Approximately 25 million Americans have cataracts, which causes cloudy, blurry or dim vision and typically develops with age. Florida Eye Institute joins the American Academy of Ophthalmology this June in observing Cataract Awareness Month with three things you should know about the condition and its treatment. As we grow older, the lens of the eye thickens and becomes cloudy. Colors may seem dull and street signs more difficult to read. These common symptoms can signal the onset of cataract, which affects 70 percent of people by age 75. Fortunately, the condition can easily be corrected. Ophthalmologists in the US perform around three million cataract surgeries each year to restore vision. Here are three important facts to know about the onset of cataract and treatment. Age isn’t the only risk factor for cataracts. Though most everyone will develop cataract with age, recent studies show that lifestyle and behavior can influence the timing and severity of onset. Diabetes, extensive exposure to sunlight, smoking, obesity, high blood pressure and certain ethnicities have been linked to increased risk. Eye injuries, prior eye surgery and long-term use of steroid medication can also result in cataracts. If you have any of these or other risk factors,
All seminars are free and open to the public. Meet the Doctor seminar series begins at Florida Eye Institute Friday, February 8th. Discover the latest trends in ophthalmology and learn how advanced medical-surgical options can improve vision like never before. Friday, Feb. 8, 2019: Macular Degeneration and Your Quality of Life, Dr. Thomas Baudo Macular Degeneration is the leading cause of severe and irreversible vision loss. Dr. Baudo explains the current FDA treatments and the latest AREDs vitamin research. Friday, Feb. 15, 2019: Glaucoma Update 2019, The Amazing Micro IStent, Dr. Karen Todd Can a tiny stent reduce the need for daily glaucoma eye drops? Dr. Todd discusses the latest micro-surgical options that can be completed during cataract surgery. Friday, Feb. 22, 2019: It’s All About the Lens, Dr. Christopher Shumake Replacing the natural lens of the eye is a critical part of cataract surgery. Dr. Shumake reviews the variety of modern lens replacement options and how to decide what’s right for you. Friday, March 1, 2019: Cataract Surgery State-of-the-Art Update, Dr. Val Zudans Today’s cataract surgery is easier than ever before. Dr. Zudans presents the latest no-needle, no-drop, no-laser techniques that offer proven results with uncomplicated follow-up. Friday, March 8,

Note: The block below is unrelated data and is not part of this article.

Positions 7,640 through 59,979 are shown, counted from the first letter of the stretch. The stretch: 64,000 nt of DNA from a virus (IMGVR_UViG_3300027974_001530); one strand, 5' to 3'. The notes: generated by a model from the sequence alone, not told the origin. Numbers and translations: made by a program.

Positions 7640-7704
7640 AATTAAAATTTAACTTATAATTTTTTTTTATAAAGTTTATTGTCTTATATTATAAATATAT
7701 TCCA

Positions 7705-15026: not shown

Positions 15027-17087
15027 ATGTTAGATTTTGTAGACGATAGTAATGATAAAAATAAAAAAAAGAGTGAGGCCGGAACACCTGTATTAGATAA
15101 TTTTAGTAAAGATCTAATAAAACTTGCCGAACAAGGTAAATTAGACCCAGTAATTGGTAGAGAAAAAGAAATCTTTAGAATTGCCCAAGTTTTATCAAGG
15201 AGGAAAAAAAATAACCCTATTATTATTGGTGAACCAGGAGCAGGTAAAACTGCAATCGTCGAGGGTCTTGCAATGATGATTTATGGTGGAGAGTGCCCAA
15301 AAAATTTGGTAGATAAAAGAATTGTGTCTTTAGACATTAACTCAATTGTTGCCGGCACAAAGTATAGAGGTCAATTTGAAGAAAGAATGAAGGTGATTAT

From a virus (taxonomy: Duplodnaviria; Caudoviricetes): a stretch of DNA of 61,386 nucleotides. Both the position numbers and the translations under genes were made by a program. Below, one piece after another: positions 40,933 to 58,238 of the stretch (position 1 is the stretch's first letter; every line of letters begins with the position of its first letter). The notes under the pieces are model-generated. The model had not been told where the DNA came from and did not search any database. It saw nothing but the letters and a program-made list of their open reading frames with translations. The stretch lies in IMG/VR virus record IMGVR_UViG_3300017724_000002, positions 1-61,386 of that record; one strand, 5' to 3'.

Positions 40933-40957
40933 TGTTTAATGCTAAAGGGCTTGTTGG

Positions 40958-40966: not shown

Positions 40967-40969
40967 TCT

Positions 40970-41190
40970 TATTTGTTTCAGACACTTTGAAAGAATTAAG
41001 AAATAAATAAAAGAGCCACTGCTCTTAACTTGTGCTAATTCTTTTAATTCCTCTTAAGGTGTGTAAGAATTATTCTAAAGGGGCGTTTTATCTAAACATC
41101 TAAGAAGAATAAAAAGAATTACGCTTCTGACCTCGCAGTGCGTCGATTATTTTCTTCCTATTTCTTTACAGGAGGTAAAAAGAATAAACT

Noted physicians Dr. Thomas Baudo, Retina Ophthalmologist, Dr. Nicholas Rutledge, Podiatrist, and Dr. Deborah Brown, Family Medicine, will be featured speakers during the 6th annual Diabetes Head-to-Toe Symposium scheduled Friday, January 18th at the First Presbyterian Church in Vero Beach. In addition to specialty physicians, the symposium will also feature a presentation by certified diabetes educator, Colleen Symanski, RN. Organizers Cindi Green, RN, of Florida Eye Institute, Colleen Symanski, RN, CDE, founder of A Healthier Me®, and Susan Long, RN, MSW, Faith Community Nurse for First Presbyterian Church have coordinated the informative event along with a host of community partners. “This is our 6th year spearheading the symposium,” says Green, of Florida Eye Institute, “and we’re happy to say that it gets better every year! Attendees gain a better understanding of diabetes from medical experts and come away with real-life tips to stay healthy.” Colleen Symanski, RN, Certified Diabetes Educator and founder of A Healthier Me, agrees. “The symposium is perfect for those overwhelmed with managing their diabetes. People are amazed with the local resources that are here to help.” Susan Long, RN, MSW, Faith Community Nurse for First Presbyterian Church adds, “We’re excited to host the diabetes symposium again
January is a great time to look after your health – and your eyes – during National Glaucoma Awareness Month. It’s estimated that half of those with Glaucoma do not know they have the disease – that’s over one million people in the US. Glaucoma is characterized by progressive damage to the optic nerve that can cause irreversible damage if not discovered early. “Glaucoma is a stealth disease that initially causes no symptoms. The slow loss of vision is barely perceptible,” says Karen Todd, MD, Glaucoma Fellowship Ophthalmologist at Florida Eye Institute. “Certain factors put you at risk, such as family history and age. But, the only way to definitively discover Glaucoma is with a comprehensive eye exam,” she emphasizes. There are two major types of glaucoma, Open-Angle, and Closed Angle. According to the American Academy of Ophthalmology, Primary Open-Angle is the most common type of glaucoma. It happens gradually, where the eye does not drain fluid as well as it should (like a clogged drain). As a result, eye pressure builds and starts to damage the optic nerve. Damage can occur even at normal pressures due to sensitivity of the optic nerve. Open-angle glaucoma is painless and causes no
As Vero Beach turns 100 with a yearlong calendar of events, a well-known local medical practice is also on the cusp of a major anniversary in the year 2020. To commemorate Vero’s centennial and celebrate 35 years of vision within the community, Florida Eye Institute has unveiled a photo contest called My2020ExperienceSM. “We’re known for helping people experience their very best vision, “states Cindi Green, RN, APR, Director of Marketing & Community Relations for Florida Eye Institute. “A photo contest seemed the perfect way to support the Centennial while sharing our community’s vision of this special celebration of Vero Beach. We encourage everyone to share all that they see during the entire yearlong celebration.” A special website, My2020Experince.com, was crafted expressly for the contest. Entries are divided into months to coincide with the series of yearlong activities. “Direct links to the Vero Beach 100 Calendar of Events are highlighted throughout our site to help people plan their activities and see all there is to experience during this awesome year,” continues Green. “Visit My2020Experience.com and share your vision of all things Centennial!” The public can upload their digital photos directly to the site. A winning photo will be selected each month.